Woah, did I say in my last post that an old story of mine was going up “tomorrow”? Which would have been, like, a month ago? No, I couldn’t have. I think, when I typed “tomorrow”, what I meant to type was “sometime in September”, I just spelled it really, really wrong.
So here’s the one I was talking about. Posted exactly when I said I would.
There’s music playing in the background, badly. The selection could use some improvement as well. We were speculating earlier that the musician is probably related to the restaurant’s owner—nepotism, that great equalizer. But I’m into my third glass of wine—miles behind my rambling friend here—and the buzz is smoothing out the rougher edges nicely. Even Barry Manilow on an out-of-tune guitar is bearable after your third Merlot.
It’s a small restaurant. “Atmosphere” they advertise; cramped it is. You can only apologize for so many inadvertent elbows for so long before it all descends into absurdity. Or a brawl. Thankfully, this appears to be a crowd of the former. My knees, on the other hand, are black and blue and know the underside of our off-balance table too well. I imagine I’ll be feeling them—and everything else—rather vividly tomorrow morning. God bless Merlot—but God really loves two aspirin and a glass of water before bed.
It’s an Italian restaurant, supposedly. The menu is in Italian, and there’s enough garlic hanging to invade Transylvania with, but there isn’t a pasta dish or a clam in sight. It’s good, don’t get me wrong; in fact, it’s already gone. It’s getting pretty late, and most of the new customers wandering in are wearing blazers and pearls—it’s time to go. Except our second bottle’s only half empty, and we both know we’ve only got a few more of these Romantic Evenings left in us, so we’re lingering.
It’s over, almost, for us. You couldn’t tell from the outside, and, hey, we’re doing a pretty decent job of ignoring it ourselves. But we’re lingering, and we know it. It’s not exactly devastating. Oh, hopefully it’ll happen as a fight, so she can cry and throw things and I can yell and get righteously pissed-drunk afterwards. But it’s coming regardless. I can feel it lurking just a couple of tomorrows away.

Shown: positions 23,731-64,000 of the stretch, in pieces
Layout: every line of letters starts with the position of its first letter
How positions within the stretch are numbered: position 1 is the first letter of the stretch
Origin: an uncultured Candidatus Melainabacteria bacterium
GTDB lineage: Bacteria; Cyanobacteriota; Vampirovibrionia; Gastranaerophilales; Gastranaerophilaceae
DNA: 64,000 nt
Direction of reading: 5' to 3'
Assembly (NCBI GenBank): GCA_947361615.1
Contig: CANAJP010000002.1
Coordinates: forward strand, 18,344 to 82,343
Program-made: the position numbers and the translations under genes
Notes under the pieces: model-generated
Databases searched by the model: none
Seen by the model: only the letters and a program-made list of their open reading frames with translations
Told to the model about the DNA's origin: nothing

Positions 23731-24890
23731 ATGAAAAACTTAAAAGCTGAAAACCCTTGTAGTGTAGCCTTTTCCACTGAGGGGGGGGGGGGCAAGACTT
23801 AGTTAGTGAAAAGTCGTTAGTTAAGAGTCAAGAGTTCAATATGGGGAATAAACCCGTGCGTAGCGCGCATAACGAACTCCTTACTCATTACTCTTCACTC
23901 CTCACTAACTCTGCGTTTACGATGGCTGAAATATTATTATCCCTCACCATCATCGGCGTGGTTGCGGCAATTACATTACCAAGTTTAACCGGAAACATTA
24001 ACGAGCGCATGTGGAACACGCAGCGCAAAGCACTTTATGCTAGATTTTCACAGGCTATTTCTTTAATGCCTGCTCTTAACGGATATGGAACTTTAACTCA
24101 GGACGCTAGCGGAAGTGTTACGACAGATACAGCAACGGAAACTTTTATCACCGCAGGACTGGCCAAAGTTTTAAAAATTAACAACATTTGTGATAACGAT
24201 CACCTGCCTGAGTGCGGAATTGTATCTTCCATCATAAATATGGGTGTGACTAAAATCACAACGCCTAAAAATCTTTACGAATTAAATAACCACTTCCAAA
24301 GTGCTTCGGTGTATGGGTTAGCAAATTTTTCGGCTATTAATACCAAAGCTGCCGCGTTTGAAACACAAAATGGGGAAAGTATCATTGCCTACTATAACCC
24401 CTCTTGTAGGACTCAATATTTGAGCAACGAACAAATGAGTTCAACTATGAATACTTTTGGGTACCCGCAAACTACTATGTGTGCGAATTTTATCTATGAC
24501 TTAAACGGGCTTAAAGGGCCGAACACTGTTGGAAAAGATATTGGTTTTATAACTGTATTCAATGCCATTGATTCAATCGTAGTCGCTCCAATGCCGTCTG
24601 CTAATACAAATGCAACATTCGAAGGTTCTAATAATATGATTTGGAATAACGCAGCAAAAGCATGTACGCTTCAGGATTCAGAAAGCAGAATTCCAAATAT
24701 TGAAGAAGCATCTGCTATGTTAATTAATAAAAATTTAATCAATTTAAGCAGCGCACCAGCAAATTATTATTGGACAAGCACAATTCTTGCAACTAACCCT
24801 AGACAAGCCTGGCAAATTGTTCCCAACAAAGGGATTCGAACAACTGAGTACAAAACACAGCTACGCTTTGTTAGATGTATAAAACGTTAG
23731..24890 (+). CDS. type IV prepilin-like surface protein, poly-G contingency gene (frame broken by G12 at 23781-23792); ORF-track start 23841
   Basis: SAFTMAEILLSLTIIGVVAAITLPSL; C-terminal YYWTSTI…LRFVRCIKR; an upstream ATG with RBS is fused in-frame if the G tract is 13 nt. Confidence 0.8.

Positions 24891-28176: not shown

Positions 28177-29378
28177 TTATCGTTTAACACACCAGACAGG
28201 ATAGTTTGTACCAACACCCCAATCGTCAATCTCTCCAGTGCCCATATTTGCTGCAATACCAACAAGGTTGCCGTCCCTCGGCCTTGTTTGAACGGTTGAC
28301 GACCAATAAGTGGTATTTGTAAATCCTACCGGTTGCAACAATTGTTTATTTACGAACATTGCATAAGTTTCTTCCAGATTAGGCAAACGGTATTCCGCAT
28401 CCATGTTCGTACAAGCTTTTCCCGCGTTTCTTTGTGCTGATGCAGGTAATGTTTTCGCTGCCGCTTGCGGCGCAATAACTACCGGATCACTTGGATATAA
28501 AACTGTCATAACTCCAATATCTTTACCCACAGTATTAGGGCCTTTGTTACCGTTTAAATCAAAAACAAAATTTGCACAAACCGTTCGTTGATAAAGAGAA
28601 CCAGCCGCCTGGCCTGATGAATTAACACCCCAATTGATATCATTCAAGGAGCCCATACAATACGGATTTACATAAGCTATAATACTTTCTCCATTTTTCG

So, we linger.
But we’re not the only ones. Just across the aisle from us, actually. She’s by herself, has been since we first came in. I can only imagine the scene we missed. Just as we were showing up, a big, burly man came storming out of the restaurant’s front door. I hope to God I never have on my face the expression he had on his. He looked damned. Like whatever had been haunting him had finished its work and seen that it was good. He brushed by us without noticing, and I probably would’ve forgotten all about it except, when we went inside, the place was silent, not a word or a clank or warbly Fmaj7 cord in sight. And all eyes were on this woman, this woman we ended up sitting just across the aisle from.
If he looked bad, she was worse. Still is, as far as my surreptitious glances can tell. Her table is as small as ours, and was set for two, but—and this is what’s absolutely killing me, and probably her as well—along the edge of the table are four or five crayons, strewn across a half-finished child’s activity place-mat. The man who left didn’t have a little one in tow behind him, and there’s no one else at the table with her now, and so the question I still haven’t been able to answer is: where the hell is the kid? I don’t know and still don’t know.
She has a glass of wine—whatever plates and silverware she had were picked up a while ago—and occasionally she takes a polite sip from it, probably without realizing she’s doing it. She doesn’t look like she’s paying much attention to anything right now. I’ve seen couples waiting by the door for a table, and given how rude our waiter has been to us, I’d expected someone to ask her to leave a long time ago. But they haven’t yet. In fact, part of the crampedness at our table is a result of everyone who uses the aisle’s swerving around her, ending up in our laps. And no one’s staring anymore. Maybe there is some compassion left in this world after all, people who won’t kick you, no matter how gently, out of their way when you’re down.
Her make-up is still in place, same with her hair. She doesn’t look like she’s been crying. Her dress is nice but doesn’t look very expensive. If I had to guess I’d say she was just the other side of thirty. She’s wearing a bracelet and stud earrings but nothing on her fingers or around her neck. If I weren’t still lingering, I might wonder if she was attractive. Her napkin is folded in her lap, a streak on a dangling end showing that it’s done its job. But I can’t get over those crayons. They aren’t set so that she or the person sitting across from her would have used them.
I think it’s time to go. There’s still a little wine left, but I have some more at home if we need it. No more lingering; dinner’s over.